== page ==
Does NOT require redundancy; has two discrete edges to connect to; at customer discretion

Google maintains two discrete services on ECX Fabric for Zone 1 and Zone 2. To achieve redundancy, users should select one of each. Google issues ID’s for both in a fully redundant scenario, but user may choose any combination of Zone 1 and 2

Both connections are active. Google zones are never taken down at the same time

Microsoft Azure ExpressRoute

Always requires redundancy in the same metro

System will enforce a single ID and single metro for the Z-end of both connections. the connections MUST be the same speed

Both connections are active

Oracle Cloud Interconnect

Does NOT require redundancy

System requires a discrete ID for each connection; may be different sizes

 

General provider with redundancy option

Does NOT require redundancy

System will enforce any rules spelled out by the provider in the service profile

At provider discretion

General provider with redundancy requirement

Always requires redundancy

System will enforce any rules spelled out by the provider in the service profile

At provider discretion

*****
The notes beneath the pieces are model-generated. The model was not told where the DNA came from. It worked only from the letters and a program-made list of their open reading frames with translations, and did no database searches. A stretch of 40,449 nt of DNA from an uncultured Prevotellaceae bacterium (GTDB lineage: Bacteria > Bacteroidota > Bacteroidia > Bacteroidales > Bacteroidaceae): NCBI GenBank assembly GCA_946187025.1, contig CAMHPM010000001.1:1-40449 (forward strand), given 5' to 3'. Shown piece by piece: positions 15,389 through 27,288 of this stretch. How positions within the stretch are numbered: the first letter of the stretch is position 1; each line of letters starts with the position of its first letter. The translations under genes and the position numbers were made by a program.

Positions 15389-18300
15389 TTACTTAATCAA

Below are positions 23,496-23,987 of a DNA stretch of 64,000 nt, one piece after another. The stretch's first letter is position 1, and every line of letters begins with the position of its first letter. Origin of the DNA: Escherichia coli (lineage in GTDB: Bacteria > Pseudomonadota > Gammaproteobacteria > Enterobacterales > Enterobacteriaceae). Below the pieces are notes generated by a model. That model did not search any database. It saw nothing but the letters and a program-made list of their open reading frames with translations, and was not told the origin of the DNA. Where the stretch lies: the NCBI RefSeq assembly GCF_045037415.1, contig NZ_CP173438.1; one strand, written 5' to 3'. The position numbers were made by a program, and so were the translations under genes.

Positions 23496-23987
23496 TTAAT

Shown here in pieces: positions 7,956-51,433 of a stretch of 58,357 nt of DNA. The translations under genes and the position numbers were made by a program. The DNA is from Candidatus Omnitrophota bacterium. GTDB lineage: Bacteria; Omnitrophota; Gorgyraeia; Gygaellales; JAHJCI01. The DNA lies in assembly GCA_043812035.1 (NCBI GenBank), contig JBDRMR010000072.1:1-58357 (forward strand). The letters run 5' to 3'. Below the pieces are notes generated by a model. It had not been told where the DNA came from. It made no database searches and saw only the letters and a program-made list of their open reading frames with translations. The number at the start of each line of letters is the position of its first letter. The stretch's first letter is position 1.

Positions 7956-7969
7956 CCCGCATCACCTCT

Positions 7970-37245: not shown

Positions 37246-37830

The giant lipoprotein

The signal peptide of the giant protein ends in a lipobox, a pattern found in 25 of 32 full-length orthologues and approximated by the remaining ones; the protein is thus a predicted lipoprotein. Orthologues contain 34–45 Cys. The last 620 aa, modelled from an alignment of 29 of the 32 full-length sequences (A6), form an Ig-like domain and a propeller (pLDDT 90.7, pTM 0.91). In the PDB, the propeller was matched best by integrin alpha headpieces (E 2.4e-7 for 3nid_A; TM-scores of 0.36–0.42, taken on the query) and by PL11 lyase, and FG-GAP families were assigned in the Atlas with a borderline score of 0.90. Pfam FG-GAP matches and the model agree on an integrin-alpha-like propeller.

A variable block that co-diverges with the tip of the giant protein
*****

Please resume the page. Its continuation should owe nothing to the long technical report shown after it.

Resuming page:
General provider with no redundancy options

Does NOT require redundancy;

System will enforce any rules spelled out by the provider in the service profile; system will terminate both connections to the same provider port

Provider port failure will result in service outage

There are many possible combinations of redundancy that a user may choose or be obligated to do, depending on the available assets in each metro. In descending order, starting with the most cost effective and performance optimized layout, below is every combination you are likely to see when creating an HA device pair, and then creating connections. For the purpose of these simple diagrams, it is not relevant which is primary and which is secondary; though Equinix always recommends that customers design so the primary achieves the best performance.

Devices And Clouds Are All In The Same Metro

Possible Use Cases:

  • Traditional single metro deployment

  • CSP may require redundancy in a single metro

Pros:

  • Best performance

  • Least cost (will pay local ECX Fabric connection charges only)

  • Both primary and secondary paths will be extremely similar in performance

Cons:

  • Does not protect from wide metro-level failure

Devices Are Metro Diverse And There Is A Local Path To The Same Cloud In Each Metro

Possible Use Cases:

  • Full metro diversity w/ access to same data stores

  • Maintain consistent performance locally even though not in same metro

Pros:

  • Both primary and secondary paths will be similar in performance because both stay local

  • Avoids inter metro/remote charges

Cons:

  • Can only be done when CSP does not enforce pro/sec in same metro

Metro Diversity For Devices And Cloud Is In Primary

Possible Use Cases:

  • Metro diversity but CSP requires primary and secondary in the same metro

  • Second metro homes back to same CSP region to access same data set

Pros: